Another very strong recommendation that has been made pertains to the medium of instruction upto the middle school stage. The policy explicitly states that children should preferably be taught in the mother tongue or home language upto grade 5 if not upto grade 8! It does not preclude teaching English as a language but clearly undervalues it as a preferred medium of instruction. Once again, the logic is drawn from research in early childhood learning which has demonstrated initial ease for a child to learn in a language that he/she is familiar and comfortable with. However, stretching it so far is something that needs to be reviewed. In its zest to be child-friendly and facilitative, somewhere the policy has failed to take cognisance of English being the aspirational language and identity of almost everyone and also the means to upward social and occupational mobility. More significantly, we have to recognize that we are a pluralistic culture and society in which cross cultural, inter-caste, inter–religious, inter-regional and international marriages have been taking place since the last 50 years! In such a scenario, does mother tongue have any relevance? In fact, world over, the dominant view is that there is a global childhood which we have to prepare our children for, while retaining important local cultural and contextual dimensions. The challenge lies in creating an appropriate synthesis. And for children who have parents in transferrable jobs, it is English as the medium of instruction which becomes the stabilizing unifier. The policy does recognize this but requires more explicit articulation about it.
An aspect highlighted by the policy which is of immense importance relates to having a workforce of capable teachers for all levels of schooling. One sub section is devoted to spelling out what the nature and form of Teacher Education Programmes should be. One wonders why only Pre-Service Teacher Education is discussed whereas the need for change and adaptation in the existing workforce of teachers is at the moment, a more pressing need. There is thus a clear case for a meaningful framework for In-Service Teacher Education. It is hoped that this will find expression in the Implementation Plan.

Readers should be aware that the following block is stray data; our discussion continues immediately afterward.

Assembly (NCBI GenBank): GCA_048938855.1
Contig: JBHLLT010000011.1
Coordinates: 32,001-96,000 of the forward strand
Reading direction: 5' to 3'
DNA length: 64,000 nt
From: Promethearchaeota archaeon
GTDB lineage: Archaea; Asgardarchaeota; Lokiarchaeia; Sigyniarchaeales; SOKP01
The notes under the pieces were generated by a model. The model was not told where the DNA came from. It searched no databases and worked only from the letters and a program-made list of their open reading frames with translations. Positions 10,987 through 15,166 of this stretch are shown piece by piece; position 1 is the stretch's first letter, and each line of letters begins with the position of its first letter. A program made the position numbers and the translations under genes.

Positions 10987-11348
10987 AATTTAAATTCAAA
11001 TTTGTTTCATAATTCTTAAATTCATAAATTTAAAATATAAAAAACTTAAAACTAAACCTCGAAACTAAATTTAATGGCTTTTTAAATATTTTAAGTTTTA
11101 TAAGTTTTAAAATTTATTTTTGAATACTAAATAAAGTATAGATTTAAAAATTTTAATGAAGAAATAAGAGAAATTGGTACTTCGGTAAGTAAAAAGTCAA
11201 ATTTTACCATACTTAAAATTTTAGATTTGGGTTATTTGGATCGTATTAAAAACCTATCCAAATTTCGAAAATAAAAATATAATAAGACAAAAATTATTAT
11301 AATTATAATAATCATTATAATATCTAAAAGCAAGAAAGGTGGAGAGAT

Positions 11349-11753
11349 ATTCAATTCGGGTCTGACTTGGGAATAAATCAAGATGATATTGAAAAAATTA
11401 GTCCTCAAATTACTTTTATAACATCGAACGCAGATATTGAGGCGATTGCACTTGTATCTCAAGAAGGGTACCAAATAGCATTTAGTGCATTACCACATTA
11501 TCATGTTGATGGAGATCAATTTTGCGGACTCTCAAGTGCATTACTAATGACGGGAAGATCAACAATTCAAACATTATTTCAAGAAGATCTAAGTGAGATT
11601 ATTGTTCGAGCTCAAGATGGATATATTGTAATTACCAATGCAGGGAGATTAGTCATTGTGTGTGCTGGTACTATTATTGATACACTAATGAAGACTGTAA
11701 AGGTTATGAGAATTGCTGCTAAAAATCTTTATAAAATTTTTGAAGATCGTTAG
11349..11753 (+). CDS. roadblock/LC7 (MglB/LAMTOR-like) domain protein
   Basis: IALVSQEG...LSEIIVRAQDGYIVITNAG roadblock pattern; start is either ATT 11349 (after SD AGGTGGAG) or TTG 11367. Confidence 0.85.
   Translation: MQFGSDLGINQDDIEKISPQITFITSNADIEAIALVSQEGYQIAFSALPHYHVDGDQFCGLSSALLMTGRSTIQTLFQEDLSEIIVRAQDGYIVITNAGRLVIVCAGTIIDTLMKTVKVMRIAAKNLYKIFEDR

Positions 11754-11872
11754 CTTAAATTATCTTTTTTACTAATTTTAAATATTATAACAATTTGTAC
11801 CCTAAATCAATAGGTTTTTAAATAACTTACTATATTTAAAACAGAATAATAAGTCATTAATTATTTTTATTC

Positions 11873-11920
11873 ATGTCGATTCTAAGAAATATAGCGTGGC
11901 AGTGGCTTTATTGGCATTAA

No Educational Policy should be read in isolation from the policies that preceded it. So the recommendation relating to introduction of Vocational Subjects from the middle school level should be seen in relation to the failure of Vocational Education, recommended by the policies of 1968 and 1986, respectively. The idea is that the same mistakes should not be repeated, particularly creating an early divide between blue and white collar employability. In an Education for All framework, policies are expected to be inclusive, provide equal opportunities to all and address issues of equality, secularism and non-discrimination, enshrined as constitutional commitments, however lofty they may sound. Once again, the way forward in this will have to be part of the implementation plan.
I would like to end on a note of optimism and hope! Childhood has been re-discovered for the potential that it has. From the hapless receiver of knowledge and information, the child is now seen from a capability lens and his/her education is required to tap this capability. Children’s voices, their agency and potential have at last been recognized. This is indeed a welcome starting point. The new structure of levels of schooling likewise has aligned itself with developmental research in the field. One just wishes that lost childhoods, marginalized childhoods, discriminatory patterns, appropriate flexibility and contextualization of curricula and standards find place in the roll out plan for school education so that more children can enjoy their schooling experience. It should not remain a dream!